2. 1sttofight says:

    Do any of these people whinning about their mortgage going up have a clue as to what “adjustable rate mortgage” means?

    • JohnMG says:

      What ever happened to the age-old rule-of-thumb for calculating whether or not a borrower could qualify for a mortgage loan? You know, the rule that said the monthly payment should not exceed one-fourth of the monthly income.

      By my calculation, when they refinanced the mortgage, the monthly payment was $2370/mo. In other words, applying the normal dictum, the Goldrick’s income would have been almost $9500 per month, projected to nearly $114,000 per year. And he’s a CABLE GUY?!! I guess I’m in the wrong business. Plus, the insurance pays for most of the doctor’s/hospital’s fees, and there is a trust fund established due to a mal-practice settlement. Maybe they should go to their lawyer and re-negotiate his fee. Unless the lawyer’s name happens to be John Edwards. And he was hurt on the job? Believe me, though the laws vary from state to state, I know what workers comp pays, as I’m sure do most other business owners.

      As 1st says, what part of “adjustable-rate” don’t they understand?

      There is just a whole lot more to this story than is being revealed here. Yes, they’ve suffered a run of bad luck, but my experience has been that most of the bad times I’ve had to endure could be traced back to my own lack of judgement.

      I’d really like to know the whole story, because a lot of things just don’t add up.

      PS. What kind of ‘life’ are they providing for their daughter now? My guess is that a home in North Carolina with new (different)doctors probably looks pretty good right about now.

  3. mrfocus says:

    “in semirural Hampton Bays,”

    That’s a nice misdirection there. Makes it sound like the Beverly HillyBillies are still living in Tennessee.

  4. proreason says:

    They should call Barney Franks. I understand his male prostitution business is thriving now that he has his drooling problem under control.

    And he obviously has a soft spot for downtrodden voters, so he should be willing to give them a hand.

    But wait, that would be BARNEY’s money, not ours. Guess that idea won’t work then.

    They’ll just have to suffer. That’s what happens to people who had the mis-fortune to be alive while Bush was President.

  5. curvyred says:

    Why didn’t they attempt to sale the house while the market was still hot? They obviously realized a while ago that they were in over their heads – if they desired to give their ill daughter a stable home – why not a reasonable home?

    Oh that’s right that would require sacrifice and forethought – never mind – something tells me they vote Democrat

  6. retire05 says:

    I was in the “cable” business for years and still have friends that work it. I can tell you, a “cable guy” doesn’t make that much money, at least not in Texas, Arizona, Missouri or any of the other states I worked in. This guy was lucky if he was taking home $800/wk and that is taking into consideration he is probably union (CWA) and the high wage scales on the Beast Coast. So how the hell did he qualify for a house payment that was 3 xs his weekly income? And notice, the article did not say he was the manager of a cable company, or even chief tech, just a cable “guy”.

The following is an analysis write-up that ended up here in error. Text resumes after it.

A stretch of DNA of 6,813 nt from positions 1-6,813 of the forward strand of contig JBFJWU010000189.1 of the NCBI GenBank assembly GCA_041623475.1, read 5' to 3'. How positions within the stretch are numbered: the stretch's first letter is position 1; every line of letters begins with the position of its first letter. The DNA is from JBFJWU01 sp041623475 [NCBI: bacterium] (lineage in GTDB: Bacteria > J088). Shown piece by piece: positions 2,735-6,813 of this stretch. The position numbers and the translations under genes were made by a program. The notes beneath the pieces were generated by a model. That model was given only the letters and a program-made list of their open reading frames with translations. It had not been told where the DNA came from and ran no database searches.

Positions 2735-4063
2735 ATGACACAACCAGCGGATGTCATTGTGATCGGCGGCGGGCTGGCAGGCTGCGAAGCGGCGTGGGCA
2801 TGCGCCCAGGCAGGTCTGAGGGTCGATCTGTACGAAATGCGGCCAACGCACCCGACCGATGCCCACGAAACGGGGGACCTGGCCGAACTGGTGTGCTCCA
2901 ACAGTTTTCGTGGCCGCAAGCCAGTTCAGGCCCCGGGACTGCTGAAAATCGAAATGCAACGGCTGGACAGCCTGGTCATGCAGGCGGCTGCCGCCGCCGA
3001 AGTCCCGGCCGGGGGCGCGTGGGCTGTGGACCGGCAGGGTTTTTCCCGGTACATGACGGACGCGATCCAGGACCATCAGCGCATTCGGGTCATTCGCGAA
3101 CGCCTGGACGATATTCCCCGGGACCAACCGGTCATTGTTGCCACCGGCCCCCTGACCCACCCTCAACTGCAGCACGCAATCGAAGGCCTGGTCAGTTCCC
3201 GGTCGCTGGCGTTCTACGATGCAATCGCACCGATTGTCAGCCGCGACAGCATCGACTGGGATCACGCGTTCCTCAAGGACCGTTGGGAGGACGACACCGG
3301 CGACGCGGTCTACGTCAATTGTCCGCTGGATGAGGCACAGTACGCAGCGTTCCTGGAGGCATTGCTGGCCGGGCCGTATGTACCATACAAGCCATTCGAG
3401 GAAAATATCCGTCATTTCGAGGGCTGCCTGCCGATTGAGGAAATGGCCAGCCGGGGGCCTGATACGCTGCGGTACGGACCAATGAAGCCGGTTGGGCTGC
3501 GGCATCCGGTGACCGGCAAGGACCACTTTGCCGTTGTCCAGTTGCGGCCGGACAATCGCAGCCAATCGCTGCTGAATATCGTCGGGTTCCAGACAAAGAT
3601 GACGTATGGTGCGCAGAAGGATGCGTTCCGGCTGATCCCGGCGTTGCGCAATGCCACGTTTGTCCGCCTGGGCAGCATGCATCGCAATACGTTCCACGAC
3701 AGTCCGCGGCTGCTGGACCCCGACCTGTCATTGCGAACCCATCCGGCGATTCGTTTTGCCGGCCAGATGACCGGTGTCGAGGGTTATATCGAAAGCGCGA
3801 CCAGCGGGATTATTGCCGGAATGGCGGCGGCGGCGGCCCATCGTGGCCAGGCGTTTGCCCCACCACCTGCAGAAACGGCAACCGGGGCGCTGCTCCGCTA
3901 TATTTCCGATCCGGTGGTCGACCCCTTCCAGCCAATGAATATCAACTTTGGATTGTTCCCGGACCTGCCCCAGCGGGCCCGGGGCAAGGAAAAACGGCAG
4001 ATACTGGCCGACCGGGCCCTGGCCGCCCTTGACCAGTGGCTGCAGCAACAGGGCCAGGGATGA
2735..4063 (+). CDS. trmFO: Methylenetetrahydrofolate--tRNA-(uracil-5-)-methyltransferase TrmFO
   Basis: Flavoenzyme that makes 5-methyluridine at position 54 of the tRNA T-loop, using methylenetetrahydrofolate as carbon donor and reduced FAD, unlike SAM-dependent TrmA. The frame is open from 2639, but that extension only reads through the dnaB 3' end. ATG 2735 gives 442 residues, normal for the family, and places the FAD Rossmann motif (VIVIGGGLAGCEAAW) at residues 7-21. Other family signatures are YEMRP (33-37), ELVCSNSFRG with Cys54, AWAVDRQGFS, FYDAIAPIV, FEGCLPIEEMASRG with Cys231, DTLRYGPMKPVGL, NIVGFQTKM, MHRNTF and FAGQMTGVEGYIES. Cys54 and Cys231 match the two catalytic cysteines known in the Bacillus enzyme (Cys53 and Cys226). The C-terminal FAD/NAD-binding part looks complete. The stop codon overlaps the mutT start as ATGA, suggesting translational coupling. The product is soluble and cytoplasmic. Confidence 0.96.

This story has the smell of a dead fish.

    Did they use the daughter’s funds to pay for the house? After all, any settlement given to the child would be controlled by the parents until she is 18.

    So you know you have a daughter that requires extensive medical treatment and you know that any financial set back is going to put you in dire straits, but yet, you buy a home with an adjustable rate and don’t realize that the damn thing is probably going up?

    My home mortgage is an adjustable rate. It rolls every September. This past September my payment went down from $564 to $486. That’s $78 a month that belongs to me.

    Here is another thing that stinks about this story; if they have an adjustable rate, and it is tied to prime, it should be going down, not up. So this tells me that this is not a current story. If they have an adjustable rate, and it is not tied to prime and will not decrease as prime decreases, they are too stupid to own a home.

    And if that is what an 1,800 sq. ft. home costs in the Hamptons, then they should have moved to Texas. They could have gotten 4,500 sq. ft for that price. And had the finest hosptial in the nation at their disposal.

    Just another “poor me, I don’t want to do anything to help myself so you poor taxpaying smucks should.” story.

  7. Anonymoose says:

    Granted that’s a lot for anyone to be going through, but two things are going badly wrong:

    1. Not reading the fine print

    2. The American Dream of living in your own castle—er, home.

    Or to put it another way—a cable guy in the Hamptons? Rather than keep their dream home, they should have looked at what would be the best situation that would still leave them solvent. A small home in a not-so-trendy place with a good job market would be ideal.

    I expect the next round of money problems is going to be from student loans—although I have noticed the companies that were advertising every five minutes last year have stopped. I was lucky enough my loans are backed the the Gummint, but even still forebearing them because I was unemployed several years ago sacked me with $7,000 in interest. Fortunately I’m paying down in the principal now, and hope to someday be rid of them. But these kids who took out $100,000 for a liberal arts degree—just wait!